Beaconsfield couple says goodbye to 30-year mortgage with tiny house

Ben Foster and Fei Ngeow are just weeks from finishing their tiny home. Picture: Matt Jelonek.
Ben Foster and Fei Ngeow are just weeks from finishing their tiny home. Picture: Matt Jelonek.

TWO Beaconsfield residents say avoiding the financial stress of a 30-year mortgage was one driver behind their big dream for a tiny house.

Fei Ngeow and Ben Foster are just weeks from completing their $55,000 vision for home ownership, on which they decided to act in 2015.

Ms Ngeow, a building life-cycle assessor, said the pair was not interested in a long-term loan that could tie them down financially – nor keen on a larger house they would spend all their free time cleaning.

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Mr Foster said choosing to hand-craft most of the build themselves was a learning experience, but one the product designer thrived on.

“The process is fun because you learn how to do all these different things and if anything isn’t to your standard you know how to fix it,” he said.

The pair began their journey by designing a trailer base that would allow the home to be moved.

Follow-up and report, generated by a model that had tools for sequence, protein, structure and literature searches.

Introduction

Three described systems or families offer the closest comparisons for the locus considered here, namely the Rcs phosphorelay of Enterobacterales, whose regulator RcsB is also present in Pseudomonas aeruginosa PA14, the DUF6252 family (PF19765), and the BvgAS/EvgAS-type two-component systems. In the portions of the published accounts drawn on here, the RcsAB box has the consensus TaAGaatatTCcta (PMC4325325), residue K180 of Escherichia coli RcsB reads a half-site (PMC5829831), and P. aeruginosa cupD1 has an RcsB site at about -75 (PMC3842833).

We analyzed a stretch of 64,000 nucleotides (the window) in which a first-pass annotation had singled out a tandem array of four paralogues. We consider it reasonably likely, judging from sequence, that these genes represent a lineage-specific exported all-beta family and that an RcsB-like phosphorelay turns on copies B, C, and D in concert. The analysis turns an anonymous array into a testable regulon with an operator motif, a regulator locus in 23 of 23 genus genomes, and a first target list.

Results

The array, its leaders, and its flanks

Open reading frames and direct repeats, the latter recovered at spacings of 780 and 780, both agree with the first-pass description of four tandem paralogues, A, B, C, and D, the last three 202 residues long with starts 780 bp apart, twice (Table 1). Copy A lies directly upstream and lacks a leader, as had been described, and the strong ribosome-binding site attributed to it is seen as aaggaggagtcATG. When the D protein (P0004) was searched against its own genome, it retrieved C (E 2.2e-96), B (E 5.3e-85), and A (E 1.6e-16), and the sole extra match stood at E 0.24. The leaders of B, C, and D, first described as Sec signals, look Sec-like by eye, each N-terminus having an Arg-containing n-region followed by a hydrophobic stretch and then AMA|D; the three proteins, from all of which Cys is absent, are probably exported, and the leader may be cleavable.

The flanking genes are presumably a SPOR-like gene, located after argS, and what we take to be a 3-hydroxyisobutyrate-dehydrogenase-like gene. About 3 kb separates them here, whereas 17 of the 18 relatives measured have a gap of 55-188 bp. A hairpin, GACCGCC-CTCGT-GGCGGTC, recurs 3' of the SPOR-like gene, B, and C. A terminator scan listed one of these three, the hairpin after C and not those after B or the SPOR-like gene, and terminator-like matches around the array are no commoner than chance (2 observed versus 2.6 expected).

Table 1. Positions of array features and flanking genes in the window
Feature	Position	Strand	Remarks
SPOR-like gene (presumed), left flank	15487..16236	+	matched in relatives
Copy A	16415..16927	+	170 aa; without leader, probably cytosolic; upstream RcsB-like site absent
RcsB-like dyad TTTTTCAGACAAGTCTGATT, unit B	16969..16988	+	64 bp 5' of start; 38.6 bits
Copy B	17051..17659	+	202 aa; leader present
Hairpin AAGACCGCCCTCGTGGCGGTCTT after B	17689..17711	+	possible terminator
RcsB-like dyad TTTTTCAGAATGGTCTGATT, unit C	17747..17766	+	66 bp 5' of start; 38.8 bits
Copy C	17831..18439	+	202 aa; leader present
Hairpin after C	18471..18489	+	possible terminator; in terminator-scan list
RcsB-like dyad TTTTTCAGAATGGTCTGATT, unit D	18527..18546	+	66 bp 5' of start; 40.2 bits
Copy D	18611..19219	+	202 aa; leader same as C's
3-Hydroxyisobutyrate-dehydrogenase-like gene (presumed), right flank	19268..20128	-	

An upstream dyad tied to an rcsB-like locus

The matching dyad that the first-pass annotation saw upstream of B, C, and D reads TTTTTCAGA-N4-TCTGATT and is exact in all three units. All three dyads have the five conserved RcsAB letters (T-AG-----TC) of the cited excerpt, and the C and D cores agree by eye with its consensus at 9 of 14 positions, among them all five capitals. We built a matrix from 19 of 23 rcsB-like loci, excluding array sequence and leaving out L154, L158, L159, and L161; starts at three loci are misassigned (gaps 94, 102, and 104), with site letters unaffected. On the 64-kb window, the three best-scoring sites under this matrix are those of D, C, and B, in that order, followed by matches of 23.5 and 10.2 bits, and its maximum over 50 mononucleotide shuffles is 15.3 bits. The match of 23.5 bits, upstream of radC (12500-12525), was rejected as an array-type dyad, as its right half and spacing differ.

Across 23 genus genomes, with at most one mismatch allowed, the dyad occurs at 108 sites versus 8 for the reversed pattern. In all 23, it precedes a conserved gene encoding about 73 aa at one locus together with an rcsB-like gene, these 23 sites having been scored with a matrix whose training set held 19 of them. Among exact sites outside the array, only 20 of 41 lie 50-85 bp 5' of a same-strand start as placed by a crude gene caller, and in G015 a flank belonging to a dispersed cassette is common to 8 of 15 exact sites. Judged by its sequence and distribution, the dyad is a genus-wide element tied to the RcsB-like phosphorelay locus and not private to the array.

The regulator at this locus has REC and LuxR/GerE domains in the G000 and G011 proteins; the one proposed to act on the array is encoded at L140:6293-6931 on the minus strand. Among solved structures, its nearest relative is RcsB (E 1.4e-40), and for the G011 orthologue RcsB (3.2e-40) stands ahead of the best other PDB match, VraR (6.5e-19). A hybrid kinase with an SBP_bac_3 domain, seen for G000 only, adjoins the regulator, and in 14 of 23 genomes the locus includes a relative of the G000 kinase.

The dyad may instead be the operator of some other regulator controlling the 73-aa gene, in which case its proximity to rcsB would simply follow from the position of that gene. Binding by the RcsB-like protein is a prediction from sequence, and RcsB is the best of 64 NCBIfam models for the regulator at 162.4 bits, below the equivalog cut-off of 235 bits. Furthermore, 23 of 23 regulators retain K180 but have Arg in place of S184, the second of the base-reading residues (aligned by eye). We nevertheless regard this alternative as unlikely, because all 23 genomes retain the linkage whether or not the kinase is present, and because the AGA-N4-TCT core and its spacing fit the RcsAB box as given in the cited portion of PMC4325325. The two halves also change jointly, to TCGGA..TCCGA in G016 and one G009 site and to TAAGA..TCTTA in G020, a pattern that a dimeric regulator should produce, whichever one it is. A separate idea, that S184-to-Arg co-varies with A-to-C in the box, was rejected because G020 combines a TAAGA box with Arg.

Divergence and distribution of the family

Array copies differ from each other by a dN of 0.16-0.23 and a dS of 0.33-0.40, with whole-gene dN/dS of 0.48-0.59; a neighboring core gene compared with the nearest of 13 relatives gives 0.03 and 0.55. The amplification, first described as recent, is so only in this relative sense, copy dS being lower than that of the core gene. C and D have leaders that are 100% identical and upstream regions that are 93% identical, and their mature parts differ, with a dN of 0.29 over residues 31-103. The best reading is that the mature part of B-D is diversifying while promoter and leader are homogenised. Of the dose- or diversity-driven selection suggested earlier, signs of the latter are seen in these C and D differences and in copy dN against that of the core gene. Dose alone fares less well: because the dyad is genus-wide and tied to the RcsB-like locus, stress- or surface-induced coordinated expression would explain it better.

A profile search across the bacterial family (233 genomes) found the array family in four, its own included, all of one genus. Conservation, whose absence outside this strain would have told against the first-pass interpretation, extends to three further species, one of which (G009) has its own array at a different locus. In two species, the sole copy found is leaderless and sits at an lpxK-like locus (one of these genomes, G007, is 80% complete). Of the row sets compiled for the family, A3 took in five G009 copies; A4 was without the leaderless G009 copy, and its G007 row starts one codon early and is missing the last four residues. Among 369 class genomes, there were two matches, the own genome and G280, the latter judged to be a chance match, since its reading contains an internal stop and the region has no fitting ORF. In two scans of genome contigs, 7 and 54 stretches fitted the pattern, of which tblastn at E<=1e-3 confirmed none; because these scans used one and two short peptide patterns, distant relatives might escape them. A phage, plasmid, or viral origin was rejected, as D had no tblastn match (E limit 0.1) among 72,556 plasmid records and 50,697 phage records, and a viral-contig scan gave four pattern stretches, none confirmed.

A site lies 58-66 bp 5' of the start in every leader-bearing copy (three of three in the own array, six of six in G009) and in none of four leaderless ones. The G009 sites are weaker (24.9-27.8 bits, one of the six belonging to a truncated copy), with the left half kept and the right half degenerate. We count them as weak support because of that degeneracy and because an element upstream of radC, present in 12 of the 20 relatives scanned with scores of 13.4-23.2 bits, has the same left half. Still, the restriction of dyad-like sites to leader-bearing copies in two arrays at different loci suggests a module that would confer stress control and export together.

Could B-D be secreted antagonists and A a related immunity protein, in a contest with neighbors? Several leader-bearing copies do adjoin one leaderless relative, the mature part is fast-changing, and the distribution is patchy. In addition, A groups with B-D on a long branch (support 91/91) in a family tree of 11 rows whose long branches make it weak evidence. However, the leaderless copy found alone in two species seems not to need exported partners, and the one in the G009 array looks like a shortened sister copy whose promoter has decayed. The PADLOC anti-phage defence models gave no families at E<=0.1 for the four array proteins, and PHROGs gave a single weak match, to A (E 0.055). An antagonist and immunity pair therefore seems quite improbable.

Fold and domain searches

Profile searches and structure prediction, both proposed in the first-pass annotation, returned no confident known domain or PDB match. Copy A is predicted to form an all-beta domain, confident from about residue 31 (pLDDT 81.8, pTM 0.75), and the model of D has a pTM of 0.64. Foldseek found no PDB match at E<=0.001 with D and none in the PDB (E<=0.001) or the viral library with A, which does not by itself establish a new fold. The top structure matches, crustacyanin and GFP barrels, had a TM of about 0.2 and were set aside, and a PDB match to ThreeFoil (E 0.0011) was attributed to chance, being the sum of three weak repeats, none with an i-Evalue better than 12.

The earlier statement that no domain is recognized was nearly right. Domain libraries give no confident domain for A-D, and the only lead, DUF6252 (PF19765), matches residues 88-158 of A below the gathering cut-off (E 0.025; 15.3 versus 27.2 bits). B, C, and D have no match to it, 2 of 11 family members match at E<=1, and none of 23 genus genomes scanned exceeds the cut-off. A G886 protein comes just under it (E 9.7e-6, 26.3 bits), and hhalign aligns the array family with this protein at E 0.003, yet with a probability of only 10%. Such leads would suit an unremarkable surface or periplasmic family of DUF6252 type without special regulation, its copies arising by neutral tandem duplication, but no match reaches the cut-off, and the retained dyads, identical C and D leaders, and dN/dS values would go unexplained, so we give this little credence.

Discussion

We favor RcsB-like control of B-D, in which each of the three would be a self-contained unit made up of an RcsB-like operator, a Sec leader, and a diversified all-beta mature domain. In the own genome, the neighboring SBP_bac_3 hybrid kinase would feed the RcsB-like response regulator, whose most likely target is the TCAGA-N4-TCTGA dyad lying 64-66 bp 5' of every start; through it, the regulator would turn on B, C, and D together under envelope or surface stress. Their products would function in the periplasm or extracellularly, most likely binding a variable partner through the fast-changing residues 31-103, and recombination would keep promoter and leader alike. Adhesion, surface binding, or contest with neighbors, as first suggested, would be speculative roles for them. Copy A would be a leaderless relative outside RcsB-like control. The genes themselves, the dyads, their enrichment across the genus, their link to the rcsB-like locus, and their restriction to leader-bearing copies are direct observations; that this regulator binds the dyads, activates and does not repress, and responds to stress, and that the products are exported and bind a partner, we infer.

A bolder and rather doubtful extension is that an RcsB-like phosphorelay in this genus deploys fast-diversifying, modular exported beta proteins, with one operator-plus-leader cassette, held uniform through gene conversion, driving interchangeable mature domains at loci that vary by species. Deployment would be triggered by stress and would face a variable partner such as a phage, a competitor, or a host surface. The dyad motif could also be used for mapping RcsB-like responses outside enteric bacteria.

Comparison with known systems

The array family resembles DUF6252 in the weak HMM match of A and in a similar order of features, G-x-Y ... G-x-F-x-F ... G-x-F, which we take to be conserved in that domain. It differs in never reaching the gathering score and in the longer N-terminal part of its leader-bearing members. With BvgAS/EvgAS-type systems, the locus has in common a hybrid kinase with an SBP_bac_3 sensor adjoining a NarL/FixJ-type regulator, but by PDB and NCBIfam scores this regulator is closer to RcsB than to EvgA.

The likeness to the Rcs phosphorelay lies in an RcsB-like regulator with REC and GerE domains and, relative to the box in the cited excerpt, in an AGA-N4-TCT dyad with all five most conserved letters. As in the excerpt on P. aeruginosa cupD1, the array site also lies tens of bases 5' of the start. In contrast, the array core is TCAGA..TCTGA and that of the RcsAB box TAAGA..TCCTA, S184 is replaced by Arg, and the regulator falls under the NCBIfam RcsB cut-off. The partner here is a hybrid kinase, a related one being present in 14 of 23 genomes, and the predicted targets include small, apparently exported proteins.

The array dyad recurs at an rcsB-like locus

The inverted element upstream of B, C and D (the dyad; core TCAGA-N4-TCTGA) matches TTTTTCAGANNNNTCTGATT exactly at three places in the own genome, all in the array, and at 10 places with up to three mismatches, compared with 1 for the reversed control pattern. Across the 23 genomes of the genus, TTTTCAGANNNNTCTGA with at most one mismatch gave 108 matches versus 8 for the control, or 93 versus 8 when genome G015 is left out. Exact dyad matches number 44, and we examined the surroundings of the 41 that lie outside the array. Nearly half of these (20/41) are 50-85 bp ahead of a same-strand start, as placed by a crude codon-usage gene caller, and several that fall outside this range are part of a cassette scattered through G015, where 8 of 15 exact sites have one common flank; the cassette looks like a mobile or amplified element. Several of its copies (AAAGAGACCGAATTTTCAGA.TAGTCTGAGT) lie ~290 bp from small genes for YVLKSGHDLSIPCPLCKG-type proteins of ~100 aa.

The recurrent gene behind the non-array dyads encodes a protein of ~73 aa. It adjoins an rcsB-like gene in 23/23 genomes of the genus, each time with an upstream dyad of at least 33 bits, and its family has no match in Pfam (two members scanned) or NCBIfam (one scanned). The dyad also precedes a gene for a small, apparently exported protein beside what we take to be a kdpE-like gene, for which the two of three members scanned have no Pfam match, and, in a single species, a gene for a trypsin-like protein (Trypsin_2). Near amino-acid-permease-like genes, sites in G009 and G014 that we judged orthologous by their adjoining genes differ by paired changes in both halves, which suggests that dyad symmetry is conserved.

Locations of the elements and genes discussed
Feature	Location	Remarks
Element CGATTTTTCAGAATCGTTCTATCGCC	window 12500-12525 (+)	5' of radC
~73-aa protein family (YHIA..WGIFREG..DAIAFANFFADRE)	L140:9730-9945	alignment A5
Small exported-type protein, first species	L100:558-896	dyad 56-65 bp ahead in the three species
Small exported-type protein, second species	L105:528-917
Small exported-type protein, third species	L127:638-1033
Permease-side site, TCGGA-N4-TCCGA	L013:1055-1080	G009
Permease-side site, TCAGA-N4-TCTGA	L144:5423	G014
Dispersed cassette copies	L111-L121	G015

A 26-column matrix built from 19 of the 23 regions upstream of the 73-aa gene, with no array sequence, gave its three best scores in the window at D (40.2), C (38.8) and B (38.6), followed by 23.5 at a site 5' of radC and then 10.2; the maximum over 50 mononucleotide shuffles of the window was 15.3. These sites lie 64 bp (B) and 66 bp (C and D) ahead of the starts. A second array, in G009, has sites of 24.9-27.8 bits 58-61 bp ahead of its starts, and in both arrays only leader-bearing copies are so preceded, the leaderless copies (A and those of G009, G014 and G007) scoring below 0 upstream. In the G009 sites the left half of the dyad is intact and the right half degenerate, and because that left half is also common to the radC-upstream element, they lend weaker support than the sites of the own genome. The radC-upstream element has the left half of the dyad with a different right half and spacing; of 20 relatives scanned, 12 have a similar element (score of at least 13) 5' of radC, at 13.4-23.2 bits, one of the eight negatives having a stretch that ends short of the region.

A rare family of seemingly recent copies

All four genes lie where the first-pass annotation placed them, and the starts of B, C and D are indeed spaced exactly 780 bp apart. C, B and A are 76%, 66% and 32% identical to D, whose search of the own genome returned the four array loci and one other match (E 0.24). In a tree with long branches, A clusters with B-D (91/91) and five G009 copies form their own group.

Ben Foster and Fei Ngeow are just weeks from finishing their tiny home. Picture: Matt Jelonek.

While that was being manufactured, they got to work fleshing out what features to include and how to maximise their 14 square metres of internal floor space.

“A good thing about this is it constrains your possessions to a defined space,” Mr Foster said.

But that does not mean they will go without.

Included is a smart electrical system, automated temperature and ventilation control, efficient water management, a structure designed so Mr Foster – at 6’7 – can actually use the space comfortably, a full-size stove, a double bed and a two-metre projector screen that doubles as a curtain.

They will also be able to host visitors on a double bed downstairs.

“Be mindful. What do you really need? If you have any room left over, use it creatively,” Mr Foster said.

After two and a half years of planning and construction, Ms Ngeow said she was looking forward to moving in.

“You spend two years designing and thinking about how to make it nice and how you want it,” Ms Ngeow said.

“It will be really satisfying to actually start using it and experiencing it, rather than designing it.”

Ms Ngeow and Mr Foster are now on the hunt for a site close to Fremantle for their tiny home and are considering co-owning a plot of land or renting a space.

The couple will eventually release open-source plans of the work for others to use as a reference when building their very own tiny living spaces.

REIWA president Hayden Groves said tiny homes were a great way to utilise spare space in a metropolitan City that was sprawling heavily north and south.